Rana Begum’s work blurs the boundaries between painting, sculpture and installation. In exploring the relationships between colour, light and form, the Bangladeshi-born artist draws on a range of influences – from the geometric patterns of Islamic craft and design to the Western traditions of constructivism and minimalism. Begum lives and works in north-east London, where she recently moved into a new home and studio overlooking a cemetery. A solo exhibition of her work opens at Kate MacGarry at the end of this month (30 April–6 June).
Where is your studio?
What do you like most about the space?
I love the location, the community and the view.
What frustrates you about it?
The mosquitoes. I’m right next to a cemetery, which has lots of trees. It means we cannot always have the doors open.
How messy is your studio?
It’s very messy at the moment. I’m trying to get ready for the show with Kate [MacGarry]!
What’s the weirdest object in there?
Hmm… there’s nothing weird in the studio yet. I have strict rules about hoarding.
Which artistic tool could you least do without?
Everything is essential in the studio: I have to think hard before acquiring new tools because of wanting to keep the space clear.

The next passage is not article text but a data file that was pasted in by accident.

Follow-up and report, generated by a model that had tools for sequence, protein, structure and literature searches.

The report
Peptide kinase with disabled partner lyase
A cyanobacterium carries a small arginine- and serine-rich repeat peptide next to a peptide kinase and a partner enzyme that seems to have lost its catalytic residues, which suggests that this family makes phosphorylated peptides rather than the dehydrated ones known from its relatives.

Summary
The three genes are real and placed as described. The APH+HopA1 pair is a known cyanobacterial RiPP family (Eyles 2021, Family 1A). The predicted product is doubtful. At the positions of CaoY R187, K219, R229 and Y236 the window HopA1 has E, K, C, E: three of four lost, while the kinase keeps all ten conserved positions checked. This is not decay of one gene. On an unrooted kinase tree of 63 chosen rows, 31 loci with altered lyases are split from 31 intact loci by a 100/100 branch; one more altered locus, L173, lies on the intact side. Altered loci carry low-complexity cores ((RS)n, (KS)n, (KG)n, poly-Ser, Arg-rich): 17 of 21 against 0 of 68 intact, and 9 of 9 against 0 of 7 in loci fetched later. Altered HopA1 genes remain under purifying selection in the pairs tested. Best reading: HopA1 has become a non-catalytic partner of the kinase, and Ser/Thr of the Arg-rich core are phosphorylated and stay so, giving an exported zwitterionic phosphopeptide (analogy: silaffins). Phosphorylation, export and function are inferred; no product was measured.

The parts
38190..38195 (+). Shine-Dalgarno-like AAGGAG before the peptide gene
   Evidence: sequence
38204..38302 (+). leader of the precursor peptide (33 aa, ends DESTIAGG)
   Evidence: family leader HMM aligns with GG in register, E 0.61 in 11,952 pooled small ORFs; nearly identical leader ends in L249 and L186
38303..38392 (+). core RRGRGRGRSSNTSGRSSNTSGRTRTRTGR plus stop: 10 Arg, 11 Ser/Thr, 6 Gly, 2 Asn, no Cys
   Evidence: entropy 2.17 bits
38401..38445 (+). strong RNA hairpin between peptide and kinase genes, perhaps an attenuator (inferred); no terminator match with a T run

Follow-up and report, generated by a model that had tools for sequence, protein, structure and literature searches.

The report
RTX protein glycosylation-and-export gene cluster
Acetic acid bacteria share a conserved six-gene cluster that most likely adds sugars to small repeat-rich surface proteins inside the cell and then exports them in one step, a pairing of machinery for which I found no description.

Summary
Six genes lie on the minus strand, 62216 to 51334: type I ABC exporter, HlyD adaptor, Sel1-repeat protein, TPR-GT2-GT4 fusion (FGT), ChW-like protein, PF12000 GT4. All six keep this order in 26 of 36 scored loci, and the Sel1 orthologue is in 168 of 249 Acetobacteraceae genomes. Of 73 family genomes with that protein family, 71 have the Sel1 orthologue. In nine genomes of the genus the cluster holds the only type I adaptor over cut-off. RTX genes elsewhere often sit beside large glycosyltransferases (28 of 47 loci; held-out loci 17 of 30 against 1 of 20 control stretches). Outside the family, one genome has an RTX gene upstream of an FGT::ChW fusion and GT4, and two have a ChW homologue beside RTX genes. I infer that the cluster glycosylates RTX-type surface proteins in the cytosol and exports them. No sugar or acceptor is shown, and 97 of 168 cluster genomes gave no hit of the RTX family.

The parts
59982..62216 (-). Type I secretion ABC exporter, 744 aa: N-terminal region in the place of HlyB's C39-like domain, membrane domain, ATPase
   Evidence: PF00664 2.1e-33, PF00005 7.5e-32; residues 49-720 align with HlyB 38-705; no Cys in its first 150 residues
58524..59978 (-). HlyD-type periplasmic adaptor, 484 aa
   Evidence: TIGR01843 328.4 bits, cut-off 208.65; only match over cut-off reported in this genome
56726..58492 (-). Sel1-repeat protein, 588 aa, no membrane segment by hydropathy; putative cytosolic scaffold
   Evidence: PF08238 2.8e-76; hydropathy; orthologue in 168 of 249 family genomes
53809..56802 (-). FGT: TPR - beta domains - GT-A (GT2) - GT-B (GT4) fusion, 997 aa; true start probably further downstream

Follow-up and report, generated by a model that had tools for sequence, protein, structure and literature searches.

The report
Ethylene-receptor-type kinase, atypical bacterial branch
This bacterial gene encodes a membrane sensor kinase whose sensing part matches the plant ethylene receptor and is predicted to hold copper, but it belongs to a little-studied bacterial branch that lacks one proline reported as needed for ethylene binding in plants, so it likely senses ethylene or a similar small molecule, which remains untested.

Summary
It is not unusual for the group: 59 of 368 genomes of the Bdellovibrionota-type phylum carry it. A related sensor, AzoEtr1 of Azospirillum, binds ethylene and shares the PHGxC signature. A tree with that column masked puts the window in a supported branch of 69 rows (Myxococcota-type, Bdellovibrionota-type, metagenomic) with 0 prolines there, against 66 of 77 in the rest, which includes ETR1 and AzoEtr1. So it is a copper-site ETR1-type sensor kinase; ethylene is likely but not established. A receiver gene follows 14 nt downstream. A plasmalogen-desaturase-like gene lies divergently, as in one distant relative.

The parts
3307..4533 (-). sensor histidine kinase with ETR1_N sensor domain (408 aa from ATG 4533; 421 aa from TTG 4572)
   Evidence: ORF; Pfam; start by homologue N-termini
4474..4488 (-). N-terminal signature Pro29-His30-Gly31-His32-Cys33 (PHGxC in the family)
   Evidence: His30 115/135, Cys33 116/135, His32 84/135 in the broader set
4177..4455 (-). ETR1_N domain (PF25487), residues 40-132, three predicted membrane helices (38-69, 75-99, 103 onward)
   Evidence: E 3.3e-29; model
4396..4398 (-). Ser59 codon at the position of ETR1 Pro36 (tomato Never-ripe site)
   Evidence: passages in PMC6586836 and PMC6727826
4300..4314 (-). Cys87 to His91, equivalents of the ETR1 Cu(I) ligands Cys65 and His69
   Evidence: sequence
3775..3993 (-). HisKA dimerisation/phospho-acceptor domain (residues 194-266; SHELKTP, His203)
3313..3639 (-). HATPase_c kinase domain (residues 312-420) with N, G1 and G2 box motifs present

What’s the most well-thumbed book in your studio?
Do you cook in the studio?
I got into making a healthy soup once a week, with lots of turmeric and ginger, but everyone got sick of that! I need to find something new and easy to make.
What do you listen to while you’re working?
I like to listen to podcasts or a mix of ’80s and international music.
Do you ever sleep in your studio?
Those were the days. Not anymore. Because of my children I have limited working hours so I need to make the most of the time I have in the studio.
Is anything (or anyone) banned from your studio?
On Fridays everyone is banned from the studio… but there are a few who slip through the net! I like to have one day to myself in the studio each week.
‘Rana Begum’ is at Kate MacGarry, London, from 30 April–6 June.